The six say the city promised to cover their legal defense

By Kelly Thornton, Watchdog Institute

Friday, February 4, 2011 at 5:41 p.m.

The law

Governments can choose to cover legal fees for criminal prosecution of employees if the employee acted within the “scope of his employment,” “without malice,” in the “apparent interests of the public entity” and if “the public entity determines that such defense would be in the best interests of the public entity.”


November, 2002: The board of the San Diego City Employees Retirement System voted to allow underfunding of the pension, after the City Council adopted the indemnification resolution.

July 2005: The former pension board officials were charged with violating state conflict-of-interest laws in connection with that underfunding vote.

July and August 2005: The defendants asked the city to pay their legal costs in the state criminal case. The City Council denied the request.

January 2010: The state Supreme Court found all but one plaintiff had committed no crime, as their actions benefited all city employees equally. The charges remained against former fire union chief Ronald Saathoff, who had received a separate and special benefit, but District Attorney Bonnie Dumanis dismissed the case against him in May.

Six former San Diego pension officials whose criminal cases were ultimately dismissed are suing the city for more than $5 million in attorneys’ fees.

Their lawsuit says they are entitled to defense costs in the state conflict-of-interest case, in part because the City Council indemnified them in 2002. The city was ordered to pay these same officials $2 million in 2007 for their lawyers’ fees in two pension-related civil actions.

“The city reneged on its promise” to defend employees against claims or lawsuits arising from their public service, the suit says. “Even when, after five years of litigation, all six employees were ultimately cleared of any wrongdoing … the city once again refused to honor its obligations.”

The six were charged for their role in 2002 decisions by the pension board to ease requirements for city funding of future pensions — portrayed by prosecutors as a quid pro quo for sweetening of employee benefits including their own. The decisions led to a massive pension-funding deficit that still contributes to a chronic city budget crisis.

The Supreme Court found, for the most part, there was no conflict for the pension board members, as all city employees benefited equally.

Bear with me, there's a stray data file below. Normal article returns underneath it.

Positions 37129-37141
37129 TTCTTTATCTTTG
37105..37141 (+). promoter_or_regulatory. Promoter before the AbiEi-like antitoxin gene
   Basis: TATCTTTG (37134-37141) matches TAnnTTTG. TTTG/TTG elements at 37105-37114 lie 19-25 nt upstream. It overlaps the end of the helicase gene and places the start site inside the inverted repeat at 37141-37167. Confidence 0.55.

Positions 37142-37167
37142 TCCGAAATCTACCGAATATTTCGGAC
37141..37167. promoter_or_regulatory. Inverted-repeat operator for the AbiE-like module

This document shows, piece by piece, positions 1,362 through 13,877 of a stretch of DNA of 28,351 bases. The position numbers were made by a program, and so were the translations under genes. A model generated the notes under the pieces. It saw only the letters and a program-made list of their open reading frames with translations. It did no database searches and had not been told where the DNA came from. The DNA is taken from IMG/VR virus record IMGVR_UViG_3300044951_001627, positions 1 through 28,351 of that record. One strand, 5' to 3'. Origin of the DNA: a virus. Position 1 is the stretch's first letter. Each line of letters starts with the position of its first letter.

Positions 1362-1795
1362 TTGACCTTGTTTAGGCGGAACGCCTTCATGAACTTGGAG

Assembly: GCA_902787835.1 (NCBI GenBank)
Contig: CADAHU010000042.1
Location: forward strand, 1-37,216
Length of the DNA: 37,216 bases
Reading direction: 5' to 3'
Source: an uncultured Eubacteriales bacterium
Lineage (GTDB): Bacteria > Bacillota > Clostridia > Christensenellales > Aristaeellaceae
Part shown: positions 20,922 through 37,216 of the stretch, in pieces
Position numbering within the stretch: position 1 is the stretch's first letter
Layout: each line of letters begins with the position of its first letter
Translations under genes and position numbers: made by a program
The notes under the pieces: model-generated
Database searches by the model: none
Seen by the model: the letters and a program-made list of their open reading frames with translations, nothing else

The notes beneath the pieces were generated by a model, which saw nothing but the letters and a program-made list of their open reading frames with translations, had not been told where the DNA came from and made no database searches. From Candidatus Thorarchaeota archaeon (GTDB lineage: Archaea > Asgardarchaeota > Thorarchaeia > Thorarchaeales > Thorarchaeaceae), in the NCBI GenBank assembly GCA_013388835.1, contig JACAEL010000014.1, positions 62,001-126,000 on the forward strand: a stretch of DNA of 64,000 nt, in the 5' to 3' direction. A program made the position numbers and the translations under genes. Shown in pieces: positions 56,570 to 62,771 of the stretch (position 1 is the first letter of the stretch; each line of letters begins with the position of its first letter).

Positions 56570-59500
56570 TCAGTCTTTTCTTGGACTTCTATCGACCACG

If the former officials win the legal-fees case, the cost of pension-related litigation would top $10 million, making it the most expensive of all the city’s legal battles in the last decade.

The city has spent at least $5.4 million so far to provide legal representation for itself and current and former city officials who were questioned or targeted by investigators, according to a data analysis by the Watchdog Institute, an independent reporting center based at San Diego State University.

The City Attorney’s Office vowed this week to fight the civil suit.

“The city does not believe this claim is supported by the law and will vigorously defend it,” said Gina Coburn, spokeswoman for City Attorney Jan Goldsmith. “With few exceptions, the law requires the city to defend employees who are sued in civil cases arising out of their job, but not employees who face criminal prosecution.”

The ex-pension officials emphasized that they voted to allow the underfunding of the pension in the course of doing their jobs, with full knowledge and blessing of the council and city attorney.

“People want to blame us — we didn’t sue ourselves, we didn’t prosecute ourselves,” said Frank Vecchione, lawyer for former assistant city auditor Terri Webster. “We all tried to have these cases dismissed without even being filed. Now our clients, after having their careers ruined, are stuck with horrendous attorney fee bills. I think the law’s clear. The city has to pay for their employees.”

In addition to Webster, the former defendants suing for attorneys’ fees are Cathy Lexin, the city’s former human resources director; John Torres, a retired San Diego Police Department fingerprint expert and former vice president of the city’s largest union; Mary Vattimo, former city treasurer; Sharon Wilkinson, a former city analyst.; and Ron Saathoff, former fire union chief.

The city has already done legal battle over pension-related attorneys’ fees. In that case, the same former pension officials sued for fees to defend themselves in two civil lawsuits filed against them over pension matters.

A Superior Court judge concluded in January 2006 that the officials were entitled to fees and costs in the civil cases because their actions “were done within the scope of their duties as members of the (San Diego City Employees Retirement System) board of trustees.”

The city appealed, lost and ended up paying $2 million for the plaintiffs’ legal fees, plus about $300,000 to fight the lawsuit, Vecchione said.

Vecchione said he is relying on the ruling in that lawsuit to bolster the current case. The crux of the latest lawsuit is that the city signed a binding agreement to pay legal fees, if necessary, for pension officials at the time of the 2002 vote to underfund the pension. There was no distinction made in the agreement between civil or criminal cases.

Much hinges on how the court interprets the indemnification agreement and the California government code.

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